$ make prepare scripts
$ time make KERNELVERSION=`uname -r` -j 12 M=drivers/net/wireless/ath/ && echo Success

And then use the same command when repeating the compilation below, of course.

Modify the ath.c file

Following this post (more or less) , edit drivers/net/wireless/ath/regd.c and neutralize the following functions with a “return” immediately after variable declarations. Or replace them with functions just returning immediately.

  • ath_reg_apply_beaconing_flags()
  • ath_reg_apply_ir_flags()
  • ath_reg_apply_radar_flags()

Also add a “return 0″ in ath_regd_init_wiphy() just before the call to wiphy_apply_custom_regulatory(), so the three calls to apply-something functions are skipped. In the said post, the entire init function was disabled, but I found that unnecessarily aggressive (and probably breaks something).

Note that there’s e.g. __ath_reg_apply_beaconing_flags() functions. These are not the ones to edit.

And then recompile:

$ make KERNELVERSION=`uname -r` modules && echo Success

This recompiles regd.c and ath.c, and the generates ath.ko. Never mind that the file is huge (2.6 MB) in comparison with the original one (40 kB). Once in the kernel, they occupy the same size.

As root, rename the existing ath.ko in /lib/modules/`uname -r`/kernel/drivers/net/wireless/ath/ to something else, and copy the new one (from drivers/net/wireless/ath/) to the same place.

Unload modules from kernel:

# rmmod ath10k_pci && rmmod ath10k_core && rmmod ath

and reload:

# modprobe ath10k_pci

And check the result (yay):

# iw list
[ ... ]
		Frequencies:
			* 5180 MHz [36] (30.0 dBm)
			* 5200 MHz [40] (30.0 dBm)
			* 5220 MHz [44] (30.0 dBm)
			* 5240 MHz [48] (30.0 dBm)
			* 5260 MHz [52] (30.0 dBm)
			* 5280 MHz [56] (30.0 dBm)
			* 5300 MHz [60] (30.0 dBm)
			* 5320 MHz [64] (30.0 dBm)
			* 5500 MHz [100] (30.0 dBm)
			* 5520 MHz [104] (30.0 dBm)
			* 5540 MHz [108] (30.0 dBm)
			* 5560 MHz [112] (30.0 dBm)
			* 5580 MHz [116] (30.0 dBm)
			* 5600 MHz [120] (30.0 dBm)
			* 5620 MHz [124] (30.0 dBm)
			* 5640 MHz [128] (30.0 dBm)
			* 5660 MHz [132] (30.0 dBm)
			* 5680 MHz [136] (30.0 dBm)
			* 5700 MHz [140] (30.0 dBm)
			* 5720 MHz [144] (30.0 dBm)
			* 5745 MHz [149] (30.0 dBm)
			* 5765 MHz [153] (30.0 dBm)
			* 5785 MHz [157] (30.0 dBm)
			* 5805 MHz [161] (30.0 dBm)
			* 5825 MHz [165] (30.0 dBm)
			* 5845 MHz [169] (30.0 dBm)
[ ... ]

The no-IR marks are gone, and hostapd now happily uses these channels.

Probably not: Upgrading firmware

As I first through that the the problem was an old firmware version, as discussed on this forum post, I went for upgrading it. These are my notes on that. Spoiler: It was probably unnecessary, but I’ll never know, and neither will you.

From the dmesg output:

[   16.152377] ath10k_pci 0000:03:00.0: Direct firmware load for ath10k/pre-cal-pci-0000:03:00.0.bin failed with error -2
[   16.152387] ath10k_pci 0000:03:00.0: Direct firmware load for ath10k/cal-pci-0000:03:00.0.bin failed with error -2
[   16.201636] ath10k_pci 0000:03:00.0: qca6174 hw3.2 target 0x05030000 chip_id 0x00340aff sub 1a56:1535
[   16.201638] ath10k_pci 0000:03:00.0: kconfig debug 0 debugfs 1 tracing 1 dfs 0 testmode 0
[   16.201968] ath10k_pci 0000:03:00.0: firmware ver WLAN.RM.4.4.1-00079-QCARMSWPZ-1 api 6 features wowlan,ignore-otp crc32 fd869beb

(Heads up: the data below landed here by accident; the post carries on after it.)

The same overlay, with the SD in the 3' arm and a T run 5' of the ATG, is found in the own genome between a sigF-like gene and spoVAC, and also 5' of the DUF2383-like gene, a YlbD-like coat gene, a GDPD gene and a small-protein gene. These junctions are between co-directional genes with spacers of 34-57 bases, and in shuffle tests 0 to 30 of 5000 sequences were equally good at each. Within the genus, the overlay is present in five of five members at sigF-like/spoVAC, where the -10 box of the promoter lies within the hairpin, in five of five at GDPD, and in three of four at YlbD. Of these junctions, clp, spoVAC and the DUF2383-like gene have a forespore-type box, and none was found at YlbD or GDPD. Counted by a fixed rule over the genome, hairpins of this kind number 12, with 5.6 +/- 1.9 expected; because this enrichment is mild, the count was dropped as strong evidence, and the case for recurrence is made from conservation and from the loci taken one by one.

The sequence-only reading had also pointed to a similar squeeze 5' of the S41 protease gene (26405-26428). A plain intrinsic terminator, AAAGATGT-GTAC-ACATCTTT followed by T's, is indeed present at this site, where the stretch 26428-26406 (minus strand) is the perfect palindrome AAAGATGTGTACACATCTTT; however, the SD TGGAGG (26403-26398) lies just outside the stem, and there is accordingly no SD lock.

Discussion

[   16.386440] ath10k_pci 0000:03:00.0: board_file api 2 bmi_id N/A crc32 20d869c3

I was first mislead to think the firmware wasn’t loaded, but the later lines indicate it was acutally OK.

Listing the firmware files used by the kernel module:

$ modinfo ath10k_pci
filename:       /lib/modules/4.15.0-20-generic/kernel/drivers/net/wireless/ath/ath10k/ath10k_pci.ko
firmware:       ath10k/QCA9377/hw1.0/board.bin
firmware:       ath10k/QCA9377/hw1.0/firmware-5.bin
firmware:       ath10k/QCA6174/hw3.0/board-2.bin
firmware:       ath10k/QCA6174/hw3.0/board.bin
firmware:       ath10k/QCA6174/hw3.0/firmware-6.bin
firmware:       ath10k/QCA6174/hw3.0/firmware-5.bin
firmware:       ath10k/QCA6174/hw3.0/firmware-4.bin
firmware:       ath10k/QCA6174/hw2.1/board-2.bin
firmware:       ath10k/QCA6174/hw2.1/board.bin
firmware:       ath10k/QCA6174/hw2.1/firmware-5.bin
firmware:       ath10k/QCA6174/hw2.1/firmware-4.bin
firmware:       ath10k/QCA9887/hw1.0/board-2.bin
firmware:       ath10k/QCA9887/hw1.0/board.bin
firmware:       ath10k/QCA9887/hw1.0/firmware-5.bin
firmware:       ath10k/QCA988X/hw2.0/board-2.bin
firmware:       ath10k/QCA988X/hw2.0/board.bin
firmware:       ath10k/QCA988X/hw2.0/firmware-5.bin
firmware:       ath10k/QCA988X/hw2.0/firmware-4.bin
firmware:       ath10k/QCA988X/hw2.0/firmware-3.bin
firmware:       ath10k/QCA988X/hw2.0/firmware-2.bin

So which firmware file did it load? Well, there’s a firmware git repo for Atheros 10k:

$ git clone https://github.com/kvalo/ath10k-firmware.git

I’m not very happy running firmware found just somewhere, but the author of this Git repo is Kalle Valo, who works at Qualcomm. The Github account is active since 2010, and the files included in the Linux kernel are included there. So it looks legit.

Comparing files with the ones in the Git repo, which states the full version names, the files loaded were hw3.0/firmware-6.bin and another one (board-2.bin, I guess). The former went into the repo on Decemeber 18, 2017, which is more than a year after the problem in the forum post was solved. My firmware is hence fairly up to date.

Nevertheless, I upgraded to the ones added to the git firmware repo on November 13, 2018, and re-generated initramfs (not that it should matter — using lsinitramfs it’s clear that none of these firmware files are there). Did it help? As expected, no. But hey, now I have the latest and shiniest firmware:

[   16.498706] ath10k_pci 0000:03:00.0: firmware ver WLAN.RM.4.4.1-00124-QCARMSWPZ-1 api 6 features wowlan,ignore-otp crc32 d8fe1bac
[   16.677095] ath10k_pci 0000:03:00.0: board_file api 2 bmi_id N/A crc32 506ce037

Exciting! Not.